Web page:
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Ghana’s year of return should avoid bad govt data — Quartz Africa

Ghanaian officials are basking in glory and ecstasy following a very successful marketing and branding campaign for the “Year of Return”, an initiative of the president of Ghana marking a major milestone in the sordid history of black slavery.

The yearlong program has seen throughout 2019 impressive feats of national showcasing: tons of positive international press, amazing gestures of corporate solidarity and fabulous celebrity endorsements, most of it at no cost whatsoever to Ghana. Naomi Campbell, Idris Elba, Boris Cudjoe, Cardi B, even the royal couple of Jay Z and Beyonce, have all won the badge and flown the flag for a delighted Ghana.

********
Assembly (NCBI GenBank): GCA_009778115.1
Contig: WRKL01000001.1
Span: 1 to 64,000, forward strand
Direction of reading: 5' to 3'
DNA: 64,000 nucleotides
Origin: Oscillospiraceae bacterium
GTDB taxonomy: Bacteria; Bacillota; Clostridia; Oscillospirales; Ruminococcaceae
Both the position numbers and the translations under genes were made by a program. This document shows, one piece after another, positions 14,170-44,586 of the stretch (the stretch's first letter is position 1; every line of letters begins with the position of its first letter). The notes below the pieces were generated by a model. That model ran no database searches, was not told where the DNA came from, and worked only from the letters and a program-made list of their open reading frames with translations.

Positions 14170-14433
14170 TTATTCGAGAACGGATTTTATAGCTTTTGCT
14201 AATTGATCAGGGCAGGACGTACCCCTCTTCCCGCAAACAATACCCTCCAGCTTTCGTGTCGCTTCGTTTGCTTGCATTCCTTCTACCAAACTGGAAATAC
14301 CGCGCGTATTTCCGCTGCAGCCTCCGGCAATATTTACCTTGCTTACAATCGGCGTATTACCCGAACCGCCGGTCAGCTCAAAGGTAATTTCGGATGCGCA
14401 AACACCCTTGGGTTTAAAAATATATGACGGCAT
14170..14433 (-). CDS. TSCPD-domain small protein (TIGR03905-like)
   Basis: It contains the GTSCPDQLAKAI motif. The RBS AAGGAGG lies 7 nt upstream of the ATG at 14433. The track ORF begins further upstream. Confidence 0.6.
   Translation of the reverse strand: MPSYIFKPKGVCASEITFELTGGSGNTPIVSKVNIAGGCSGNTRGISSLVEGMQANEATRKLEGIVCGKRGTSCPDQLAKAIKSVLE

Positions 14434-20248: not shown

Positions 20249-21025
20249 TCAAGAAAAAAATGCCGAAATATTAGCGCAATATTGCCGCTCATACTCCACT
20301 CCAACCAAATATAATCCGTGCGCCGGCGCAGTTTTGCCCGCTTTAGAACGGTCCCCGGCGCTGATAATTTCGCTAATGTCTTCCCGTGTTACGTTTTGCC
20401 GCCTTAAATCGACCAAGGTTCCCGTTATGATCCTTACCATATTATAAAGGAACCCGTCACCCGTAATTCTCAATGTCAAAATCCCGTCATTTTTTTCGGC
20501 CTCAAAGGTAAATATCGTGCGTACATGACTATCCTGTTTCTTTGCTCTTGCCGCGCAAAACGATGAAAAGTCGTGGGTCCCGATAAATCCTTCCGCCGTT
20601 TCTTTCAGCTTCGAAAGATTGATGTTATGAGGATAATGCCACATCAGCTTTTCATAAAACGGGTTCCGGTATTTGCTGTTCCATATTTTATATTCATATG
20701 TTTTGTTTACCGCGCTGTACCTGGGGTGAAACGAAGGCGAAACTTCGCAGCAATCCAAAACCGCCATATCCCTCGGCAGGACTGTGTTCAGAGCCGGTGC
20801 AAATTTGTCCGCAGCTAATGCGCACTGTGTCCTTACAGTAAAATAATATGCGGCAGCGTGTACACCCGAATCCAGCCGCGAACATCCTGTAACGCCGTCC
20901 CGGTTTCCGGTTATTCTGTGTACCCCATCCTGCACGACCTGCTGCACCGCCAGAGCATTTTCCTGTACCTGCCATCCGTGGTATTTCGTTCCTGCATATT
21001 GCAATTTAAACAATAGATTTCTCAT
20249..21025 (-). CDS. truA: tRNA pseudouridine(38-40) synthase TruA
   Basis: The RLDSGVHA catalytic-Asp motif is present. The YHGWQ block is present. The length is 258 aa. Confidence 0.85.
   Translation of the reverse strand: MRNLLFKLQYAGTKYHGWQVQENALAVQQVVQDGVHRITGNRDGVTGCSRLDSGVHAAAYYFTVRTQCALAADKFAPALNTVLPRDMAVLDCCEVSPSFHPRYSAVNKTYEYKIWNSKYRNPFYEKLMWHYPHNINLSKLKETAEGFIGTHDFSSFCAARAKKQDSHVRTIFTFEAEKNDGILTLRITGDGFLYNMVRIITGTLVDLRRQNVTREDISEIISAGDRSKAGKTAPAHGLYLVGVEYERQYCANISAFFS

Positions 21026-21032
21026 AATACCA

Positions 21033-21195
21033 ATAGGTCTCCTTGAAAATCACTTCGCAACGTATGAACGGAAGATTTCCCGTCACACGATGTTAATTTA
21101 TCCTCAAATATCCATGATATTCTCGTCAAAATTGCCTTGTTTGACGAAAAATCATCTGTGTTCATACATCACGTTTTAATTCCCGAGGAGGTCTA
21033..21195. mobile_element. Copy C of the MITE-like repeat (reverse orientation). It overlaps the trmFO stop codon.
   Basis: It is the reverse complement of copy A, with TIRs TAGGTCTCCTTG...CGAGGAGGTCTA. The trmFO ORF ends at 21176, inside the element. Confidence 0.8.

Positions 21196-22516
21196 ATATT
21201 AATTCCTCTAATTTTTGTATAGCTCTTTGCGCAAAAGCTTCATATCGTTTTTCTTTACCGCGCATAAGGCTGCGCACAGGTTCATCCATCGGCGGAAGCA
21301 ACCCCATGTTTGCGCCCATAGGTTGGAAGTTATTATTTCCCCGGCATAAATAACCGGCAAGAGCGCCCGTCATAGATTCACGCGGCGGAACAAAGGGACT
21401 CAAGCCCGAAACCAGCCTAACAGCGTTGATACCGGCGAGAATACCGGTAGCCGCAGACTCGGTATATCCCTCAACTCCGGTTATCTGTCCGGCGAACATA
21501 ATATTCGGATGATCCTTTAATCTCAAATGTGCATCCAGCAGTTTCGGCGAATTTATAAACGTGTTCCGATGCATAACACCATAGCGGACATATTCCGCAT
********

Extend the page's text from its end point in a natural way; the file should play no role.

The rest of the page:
So why is Ghanaian officialdom so keen on selling the success of the initiative on the tabletop of incoherent statistics and woolly numbers, instead of better cataloging these clear achievements? It is a very strange sight to behold. Various government agencies and supporters of the Year of Return program have bandied around figures such as “200,000” extra international arrivals; “1.5 million” total number of visitors for 2019;  and “$1.9 billion” extra tourist spending as statistical milestones of Year of Return programming, with an incredulous press panting to keep up.

The danger in elevating phantom figures to the level of truth is in the complacency they can breed.